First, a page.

Lighthouse: A redesign recipe for tough times. The recent boom has ensured that most of the Web sites that are needed have already gone up. The end of that boom has deadened any sense of urgency among organisations still planning their first site. And it's a rare Web site built in the past four years that couldn't use substantial improvement. [Tomalak's Realm]
Cable modems could have triple the upstream capacity by the end of 2002, enabling videoconferencing and peer-to-peer applications over cable connections. CableLabs, a consortium of cable operators from North America and South America, has completed the specification for DOCSIS (Data Over Cable Service Interface Specification) 2.0. The specification boosts the capacity of the upstream side of the connection to 30Mbps in both directions. Interoperability testing of products is due to start in the first quarter of this year, and certification testing is expected by the third quarter. [Infoworld]
TIME.com: Identity Theft: Could it Happen to You? New statistics suggest it may be only a matter of time. A security expert offers tips on protecting yourself
Imagine this: Someone out there knows your name, your credit card information, your bank account numbers and your social security number. They are pretending to be you — running up outrageous bills, even committing crimes — and as far as your banks, creditors and various authorities are concerned, they are you.
It may sound like the plotline of a hackneyed Hollywood thriller, but hundreds of thousands of Americans may have already been victims of identity theft. Last year alone, the Federal Trade Commission logged more than 85,000 complaints from people whose identities had been pirated. That may only be the tip of the iceberg; some consumer advocates suggest as many as 750,000 identities are stolen each year.
What, exactly, is identity theft? How does it happen? And how can you protect yourself against this growing trend? TIME.com spoke with Ted Claypoole, a technology lawyer concentrating in financial services and security at the firm of Womble Carlyle Sandridge and Rice in Charlotte, North Carolina. [Privacy Digest]
David P. Reed: Asking fundamental questions. If technology improves, the regulations become unnecessarily strict. When we make better radio systems, the old ones become obsolescent, and wasteful. We could improve the entire system by junking the old stuff, and replacing it all with functionally compatible systems, based on new insights and design. [Tomalak's Realm]
Knowledge Workers and K-Logs
This is another post to K-Logs. If you like this content, you are more than welcome to subscribe.
When I worked at Forrester (a top technology research company), the CEO George Colony used to say (paraphrased), “in a sense our business is a like a mill. We grind raw grain into flour. It is my job as CEO to scoop up the grain that fell to the floor and put it back on the grindstone so it can be made into useful product. Everything our analysts think about while on the job has value. We need to find new ways to capture that thinking and sell it to clients.” This is profound. In my view, this is something that all companies should strive for.
Many, if not all companies have knowledge workers. Some, are composed entirely of knowledge workers. These people are domain experts. They keep up to-date (or should) with the evolution of knowledge within their chosen domain. They have thinking skills that have been developed to process data within that domain. Everything they think about within the envelope of that domain has value. Unfortunately, most companies don't capture, package, and distribute that insight.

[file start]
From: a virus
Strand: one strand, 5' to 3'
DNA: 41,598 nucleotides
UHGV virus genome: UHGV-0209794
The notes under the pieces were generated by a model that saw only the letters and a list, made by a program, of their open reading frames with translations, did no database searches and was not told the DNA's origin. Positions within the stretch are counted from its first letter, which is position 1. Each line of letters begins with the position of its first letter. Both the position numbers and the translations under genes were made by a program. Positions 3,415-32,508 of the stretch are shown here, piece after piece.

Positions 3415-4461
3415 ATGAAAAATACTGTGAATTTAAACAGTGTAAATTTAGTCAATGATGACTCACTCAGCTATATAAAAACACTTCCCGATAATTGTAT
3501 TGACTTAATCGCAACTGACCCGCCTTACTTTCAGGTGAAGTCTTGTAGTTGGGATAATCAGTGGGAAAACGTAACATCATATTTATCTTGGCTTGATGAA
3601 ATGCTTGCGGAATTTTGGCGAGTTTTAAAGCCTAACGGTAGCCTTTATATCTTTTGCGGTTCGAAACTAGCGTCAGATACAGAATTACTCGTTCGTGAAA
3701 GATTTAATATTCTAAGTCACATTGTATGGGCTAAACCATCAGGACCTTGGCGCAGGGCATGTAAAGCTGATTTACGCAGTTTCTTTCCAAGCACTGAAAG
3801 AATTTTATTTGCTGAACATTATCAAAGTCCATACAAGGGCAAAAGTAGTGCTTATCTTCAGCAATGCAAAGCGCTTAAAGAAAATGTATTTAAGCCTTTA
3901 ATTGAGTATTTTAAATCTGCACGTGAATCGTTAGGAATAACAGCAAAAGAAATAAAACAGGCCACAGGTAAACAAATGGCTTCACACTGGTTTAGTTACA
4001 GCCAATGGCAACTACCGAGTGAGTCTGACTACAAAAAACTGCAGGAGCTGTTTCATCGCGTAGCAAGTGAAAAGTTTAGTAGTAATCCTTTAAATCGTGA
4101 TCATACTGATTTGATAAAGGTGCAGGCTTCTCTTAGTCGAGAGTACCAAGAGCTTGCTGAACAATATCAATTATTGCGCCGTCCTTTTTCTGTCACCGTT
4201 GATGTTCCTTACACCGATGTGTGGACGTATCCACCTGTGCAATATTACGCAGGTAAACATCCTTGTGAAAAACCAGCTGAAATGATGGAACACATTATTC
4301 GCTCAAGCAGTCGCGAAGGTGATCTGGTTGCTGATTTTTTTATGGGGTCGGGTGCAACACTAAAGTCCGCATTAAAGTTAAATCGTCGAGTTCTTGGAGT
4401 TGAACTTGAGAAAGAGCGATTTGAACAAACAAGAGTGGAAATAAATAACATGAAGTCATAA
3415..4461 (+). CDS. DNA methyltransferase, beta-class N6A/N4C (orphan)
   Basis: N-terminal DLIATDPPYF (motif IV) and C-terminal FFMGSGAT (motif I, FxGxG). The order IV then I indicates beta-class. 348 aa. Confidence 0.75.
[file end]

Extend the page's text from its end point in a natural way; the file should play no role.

K-Logs makes it possible for that domain expert to share their knowledge, experience, insight, and point of view on a nearly real-time basis. It creates a stream of thought (a body of writing) that can be searched and browsed (K-Logs organize posted items over time for quick analysis). Also, since K-Logs are associated with an individual, it provides knowledge workers with a platform to demonstrate their expertise within the company (to build a personal brand).
The first step to enabling a Knowledge Worker is to put a K-Log publishing tool on their desktop. Show them how easy it is to post their thinking, useful links, important e-mails, documents, and pictures to the Intranet. Show them how to connect to other K-Loggers through community features like a http://www.weblogs.com that runs behind the firewall. Point out news feeds (both internal and external) that they can subscribe to that provides them with up-to-date information on their domain of interest. Now step back and watch them begin to post, get feedback from readers, respond to links from other K-Loggers, and develop the habit of frequent posting.
Further, begin to develop categories that they can use to route posts to reader specific Weblogs for communities of practice within the company. Develop connections to organizations that foster knowledge transfer within those domains. Make it possible for them to publish to those organizations websites and subscribe to their knowledge streams. Connect, connect, connect…..
The organic growth of connections and the rapid rise in accumulated archived knowledge will surprise you. Let it grow through careful management and pruning. Encourage it and reap the result. [John Robb's Radio Weblog]
New Radio 8 feature. Now you can post to categories without posting to the home page. If you have categories enabled, there's a new checkbox, the first one, called Home Page (it effectively becomes a category). By default it's checked. Now you can easily publish multiple weblogs, going to lots of different locations, from one edit box. Screen shot. [Scripting News]